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Unlike Judaism, Christianity has no rule prohibiting (or commanding) the eating of pork. In fact, in Acts 10:9-16, Peter has a vision where a sheet is lowered from Heaven with "all sorts of animals, reptiles, and birds" on it. He is then commanded to get up, kill, and eat the animals. To this, Peter is shocked and replies that he has never eaten anything ...


9

Protestantism and Tradition I'm coming at this answer from a Protestant perspective. Since I've seen a variety of folk in my branch of Christianity hold hands during prayer, I'll assume you've been observing my people. We've inherited from Paul a suspicion of traditional rites and practices. When we do observe some custom, we are very likely to either: ...


8

Canon Law 1251 says: Abstinence from meat, or from some other food as determined by the Episcopal Conference, is to be observed on all Fridays [...] (emphasis mine). In other words it is to be determined by the bishops exactly what constitutes abstinence. The bishops of Quebec can simply state that beaver meat is OK to eat on days of abstinence. They ...


8

Not sure how definitive an answer I can provide to this question, but thought I'd contribute a few thoughts that came to mind. The "law," or "law of Moses," was codified by the Rabbi's in ancient times into the mitzvot, a collection of 613 laws compiled from a close reading of the Pentateuch. The mitzvot consists of "positive" (ie "do this") and "negative" ...


7

Well, the word "manna" itself means "What is it?" so I'm not sure you're going to find a perfectly satisfactory answer to your question. :-) In addition, it was created supernaturally by God, and He didn't share the recipe. :-) Since it was a single miracle, and not something that people still eat today, no one really knows personally what it tastes like. ...


6

The Encyclopedia of Mormonism article on Emergency Preparedness explains that this practice is about simple pragmatism. It really has little if anything to do with eschatology; rather, the concept that members should maintain a stored supply of food is based on the simple reality that disasters and emergencies, both personal and wide-scale, do happen, and ...


5

There never were any dietary Laws enforced in the New Testament aside from polite rules derived from brotherly love and the desire for peace during the time of transition between the shadows of the Old Testament and the realities found in Christ. Jesus called the crowd to him and said, “Listen and understand. What goes into someone’s mouth does not ...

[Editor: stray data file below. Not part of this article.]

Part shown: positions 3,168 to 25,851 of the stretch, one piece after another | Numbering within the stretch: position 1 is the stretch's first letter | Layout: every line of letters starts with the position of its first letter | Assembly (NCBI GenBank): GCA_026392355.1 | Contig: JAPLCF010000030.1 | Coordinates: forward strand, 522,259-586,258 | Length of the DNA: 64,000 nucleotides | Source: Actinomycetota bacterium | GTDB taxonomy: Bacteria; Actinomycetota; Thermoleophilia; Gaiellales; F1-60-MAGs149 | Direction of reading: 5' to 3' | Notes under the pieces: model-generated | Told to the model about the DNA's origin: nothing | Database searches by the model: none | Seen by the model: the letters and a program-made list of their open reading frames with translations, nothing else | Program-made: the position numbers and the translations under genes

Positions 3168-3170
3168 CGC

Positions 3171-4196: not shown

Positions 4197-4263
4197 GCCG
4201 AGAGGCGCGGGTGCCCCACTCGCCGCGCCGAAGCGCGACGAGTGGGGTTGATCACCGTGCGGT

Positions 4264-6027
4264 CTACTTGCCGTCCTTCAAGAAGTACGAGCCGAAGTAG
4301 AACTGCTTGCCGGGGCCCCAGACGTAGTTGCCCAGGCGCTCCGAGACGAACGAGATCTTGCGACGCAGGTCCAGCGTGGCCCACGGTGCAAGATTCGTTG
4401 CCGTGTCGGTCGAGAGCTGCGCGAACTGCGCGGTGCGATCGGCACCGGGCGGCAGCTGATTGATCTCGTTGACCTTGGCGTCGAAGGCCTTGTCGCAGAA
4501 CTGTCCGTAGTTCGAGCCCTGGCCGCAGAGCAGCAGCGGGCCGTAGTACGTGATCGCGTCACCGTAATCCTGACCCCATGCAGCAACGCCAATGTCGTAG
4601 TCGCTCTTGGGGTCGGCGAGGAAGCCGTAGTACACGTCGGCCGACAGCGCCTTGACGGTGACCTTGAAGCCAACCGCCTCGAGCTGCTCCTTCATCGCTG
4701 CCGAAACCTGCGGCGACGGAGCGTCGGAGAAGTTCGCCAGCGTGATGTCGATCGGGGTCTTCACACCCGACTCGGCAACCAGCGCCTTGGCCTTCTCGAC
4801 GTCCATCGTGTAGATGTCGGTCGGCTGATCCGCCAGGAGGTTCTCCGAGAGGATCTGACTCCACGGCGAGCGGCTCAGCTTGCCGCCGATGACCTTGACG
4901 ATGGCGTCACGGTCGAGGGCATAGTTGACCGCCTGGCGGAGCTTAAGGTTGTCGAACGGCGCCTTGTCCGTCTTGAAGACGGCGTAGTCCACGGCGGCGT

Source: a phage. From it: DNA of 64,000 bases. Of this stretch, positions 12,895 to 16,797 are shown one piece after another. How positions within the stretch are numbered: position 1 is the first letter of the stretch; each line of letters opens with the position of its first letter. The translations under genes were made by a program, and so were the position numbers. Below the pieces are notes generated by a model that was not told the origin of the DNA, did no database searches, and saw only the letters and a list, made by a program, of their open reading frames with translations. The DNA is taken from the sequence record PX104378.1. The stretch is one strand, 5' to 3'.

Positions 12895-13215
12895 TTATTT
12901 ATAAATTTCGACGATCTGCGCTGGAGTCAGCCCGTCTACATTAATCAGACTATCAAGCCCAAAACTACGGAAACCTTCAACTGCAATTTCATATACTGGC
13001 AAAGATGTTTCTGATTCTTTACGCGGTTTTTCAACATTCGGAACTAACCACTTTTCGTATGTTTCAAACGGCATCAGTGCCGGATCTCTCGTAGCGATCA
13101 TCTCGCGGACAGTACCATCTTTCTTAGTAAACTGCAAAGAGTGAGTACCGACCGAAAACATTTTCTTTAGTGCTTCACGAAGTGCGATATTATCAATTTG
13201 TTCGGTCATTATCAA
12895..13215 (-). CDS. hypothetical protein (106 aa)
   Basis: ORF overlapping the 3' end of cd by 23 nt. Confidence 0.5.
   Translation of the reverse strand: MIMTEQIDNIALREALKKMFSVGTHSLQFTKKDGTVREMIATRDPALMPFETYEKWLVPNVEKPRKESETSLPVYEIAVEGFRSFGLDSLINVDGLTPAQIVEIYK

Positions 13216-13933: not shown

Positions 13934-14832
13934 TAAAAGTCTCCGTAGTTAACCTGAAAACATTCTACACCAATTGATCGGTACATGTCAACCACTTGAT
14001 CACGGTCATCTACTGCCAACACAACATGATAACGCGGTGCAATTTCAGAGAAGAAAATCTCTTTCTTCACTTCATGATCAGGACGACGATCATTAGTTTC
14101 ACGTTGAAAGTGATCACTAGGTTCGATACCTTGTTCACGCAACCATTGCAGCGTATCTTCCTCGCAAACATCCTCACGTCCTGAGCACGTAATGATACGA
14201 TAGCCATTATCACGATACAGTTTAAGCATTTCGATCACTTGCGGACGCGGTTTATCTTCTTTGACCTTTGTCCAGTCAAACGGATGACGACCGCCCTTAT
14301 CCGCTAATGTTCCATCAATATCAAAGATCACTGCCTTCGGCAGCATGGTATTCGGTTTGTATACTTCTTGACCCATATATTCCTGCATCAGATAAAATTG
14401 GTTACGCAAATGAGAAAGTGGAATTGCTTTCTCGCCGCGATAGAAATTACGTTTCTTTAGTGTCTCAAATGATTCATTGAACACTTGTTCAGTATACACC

4

A great deal of this is copy-pasted from my answer to another, similar question. First off, Revelations 19 has a wedding feast. Revelation 19:9 (NIV) 9 Then the angel said to me, “Write this: Blessed are those who are invited to the wedding supper of the Lamb!” And he added, “These are the true words of God.” (Emphasis mine.) You ...


3

This question is similar to many questions that find a command in the Old Testament and ask if it should apply to Christians today. It is important to note that the Old Testament refers to the Old Covenant. God has made several different covenants with different people at different times. The covenant which is of note here is the one He made with ...


3

Ansari referred me to the Ethiopian Orthodox Church, which provides an example of this: The food taboos found in the Old Testament are observed by most people as the Ethiopian Orthodox Church prescribes them. The flesh of animals with uncloven hoofs and those that do not chew their cud are avoided as unclean. It is nearly impossible to get pork. Animals ...


3

Well, Jesus was able to eat after His resurrection, so I assume we will, too: Luke 24:39-43 39 Behold my hands and my feet, that it is I myself: handle me, and see; for a spirit hath not flesh and bones, as ye see me have. 40 And when he had thus spoken, he shewed them his hands and his feet. 41 And while they yet believed not for joy, and ...


3